Kasrils, R., 2001, Jacaranda - Xenophobia in the name of environment management?, Green Gold, viewed 27 February 2017, from http://www.stratek.co.za/.%5Carchive%5Cronniekasrils.html        [ Links ]

Keller, R.P., Frang, K. & Lodge, D.M., 2008, 'Preventing the spread of invasive species: Economic benefits of intervention guided by ecological predictions', Conservation Biology 22(1), 80-88. https://doi.org/10.1111/j.1523-1739.2007.00811.x        [ Links ]

Keller, R.P., Lodge, D.M. & Finnoff, D.C., 2007, 'Risk assessment for invasive species produces net bioeconomic benefits', Proceedings of the National Academy of Sciences of the United States of America 104(1), 203-237. https://doi.org/10.1073/pnas.0605787104        [ Links ]

Keller, R.P. & Springborn, M.R., 2014, 'Closing the screen door to new invasions', Conservation Letters 7(3), 285-292.         [ Links ]

Kellert, S.R., 1993, 'Values and perceptions of invertebrates', Conservation Biology 7(4), 845-855. https://doi.org/10.1046/j.1523-1739.1993.740845.x        [ Links ]

Kil, J., Mun, S. & Kim, C., 2015, 'Risk assessment tools for invasive alien species in Japan and Europe', Ecology and Resilient Infrastructure 2(3), 191-197. https://doi.org/10.17820/eri.2015.2.3.191        [ Links ]

Kolar, C.S. & Lodge, D.M., 2001, 'Progress in invasion biology: Predicting invaders', Trends in Ecology & Evolution 16(4), 199-204. https://doi.org/10.1016/S0169-5347(01)02101-2        [ Links ]

Kull, C.A., Harimanana, S.L., Andrianoro, A.R. & Rajoelison, L.G., 2019, 'Divergent perceptions of the 'neo-Australian'forests of lowland eastern Madagascar: Invasions, transitions, and livelihoods', Journal of Environmental Management 229, 48-56.         [ Links ]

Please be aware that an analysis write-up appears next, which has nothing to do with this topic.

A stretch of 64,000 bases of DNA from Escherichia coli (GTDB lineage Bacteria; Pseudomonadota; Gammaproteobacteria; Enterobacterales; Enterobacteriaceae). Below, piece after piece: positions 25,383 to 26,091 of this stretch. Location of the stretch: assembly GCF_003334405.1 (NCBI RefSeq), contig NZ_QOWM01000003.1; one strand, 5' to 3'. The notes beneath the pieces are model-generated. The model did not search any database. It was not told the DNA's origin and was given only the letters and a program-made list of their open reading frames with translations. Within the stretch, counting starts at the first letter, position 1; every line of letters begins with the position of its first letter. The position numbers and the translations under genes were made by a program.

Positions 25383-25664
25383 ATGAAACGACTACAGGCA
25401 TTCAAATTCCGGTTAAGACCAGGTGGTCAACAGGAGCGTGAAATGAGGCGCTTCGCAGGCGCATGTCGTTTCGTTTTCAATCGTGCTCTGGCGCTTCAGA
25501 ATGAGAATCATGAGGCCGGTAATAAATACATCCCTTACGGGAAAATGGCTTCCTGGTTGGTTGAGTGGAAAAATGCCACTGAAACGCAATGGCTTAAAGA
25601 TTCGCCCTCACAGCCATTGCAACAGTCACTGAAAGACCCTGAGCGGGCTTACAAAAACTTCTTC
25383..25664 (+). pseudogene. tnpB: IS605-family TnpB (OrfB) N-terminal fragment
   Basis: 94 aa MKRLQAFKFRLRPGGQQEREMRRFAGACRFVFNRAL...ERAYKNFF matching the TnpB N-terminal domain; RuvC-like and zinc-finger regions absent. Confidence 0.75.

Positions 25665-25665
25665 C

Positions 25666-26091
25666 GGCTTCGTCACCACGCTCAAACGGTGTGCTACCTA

Latombe, G., Pyšek, P., Jeschke, J.M., Blackburn, T.M., Bacher, S., Capinha, C. et al., 2017, 'A vision for global monitoring of biological invasions', Biological Conservation 213, 295-308. https://doi.org/10.1016/j.biocon.2016.06.013        [ Links ]

Lukasiewicz, A., Pittock, J. & Finlayson, M., 2016, 'Institutional challenges of adopting ecosystem-based adaptation to climate change', Regional Environmental Change 16(2), 487-499. https://doi.org/10.1007/s10113-015-0765-6        [ Links ]

Lupi, F., Hoehn, J.P. & Christie, G.C., 2003, 'Using an economic model of recreational fishing to evaluate the benefits of sea Lamprey (Petromyzon marinus) control on the St. Marys River', Journal of Great Lakes Research 29, 742-754. https://doi.org/10.1016/S0380-1330(03)70528-0        [ Links ]

Marr, S.M., Ellender, B.R., Woodford, D.J., Alexander, M.E., Wasserman, R.J., Ivey, P. et al., 2017, 'Evaluating invasion risk for freshwater fishes in South Africa', Bothalia 47(2), 1-10. https://doi.org/10.4102/abc.v47i2.2177        [ Links ]

McGeoch, M.A., Butchart, S.H.M., Spear, D., Marais, E., Kleynhans, E.J., Symes, A. et al., 2010, 'Global indicators of biological invasion: Species numbers, biodiversity impact and policy responses', Diversity and Distributions 16(1), 95-108. https://doi.org/10.1111/j.1472-4642.2009.00633.x        [ Links ]

McGeoch, M.A., Spear, D., Kleynhans, E.J. & Marais, E., 2012, 'Uncertainty in invasive alien species listing', Ecological Applications: A Publication of the Ecological Society of America 22(3), 959-71.         [ Links ]

McNeely, J.A., Mooney, H.A., Neville, L.E., Schei, P.J. & Waage, J.K., 2005, 'A global strategy on invasive alien species: Synthesis and ten strategic elements', in H.A. Mooney, R.N. Mack, J.A. McNeely, L.E. Neville, P.J. Schei & J.K. Waage (eds.), Invasive alien species: A new synthesis, pp. 332-345, Island Press, Washington, DC.         [ Links ]

Morrison, T.H., McAlpine, C., Rhodes, J.R., Peterson, A. & Schmidt, P., 2010, 'Back to the future? Planning for environmental outcomes and the new caring for our country program', Australian Geographer 41(4), 521-538. https://doi.org/10.1080/00049182.2010.519763        [ Links ]

Moshobane, M.C., Nnzeru, L.N., Nelukalo, K. & Mothapo, N.P., (in press), Patterns of permit requests and issuance regulated alien and invasive species in South Africa for the period 2015-2018.         [ Links ]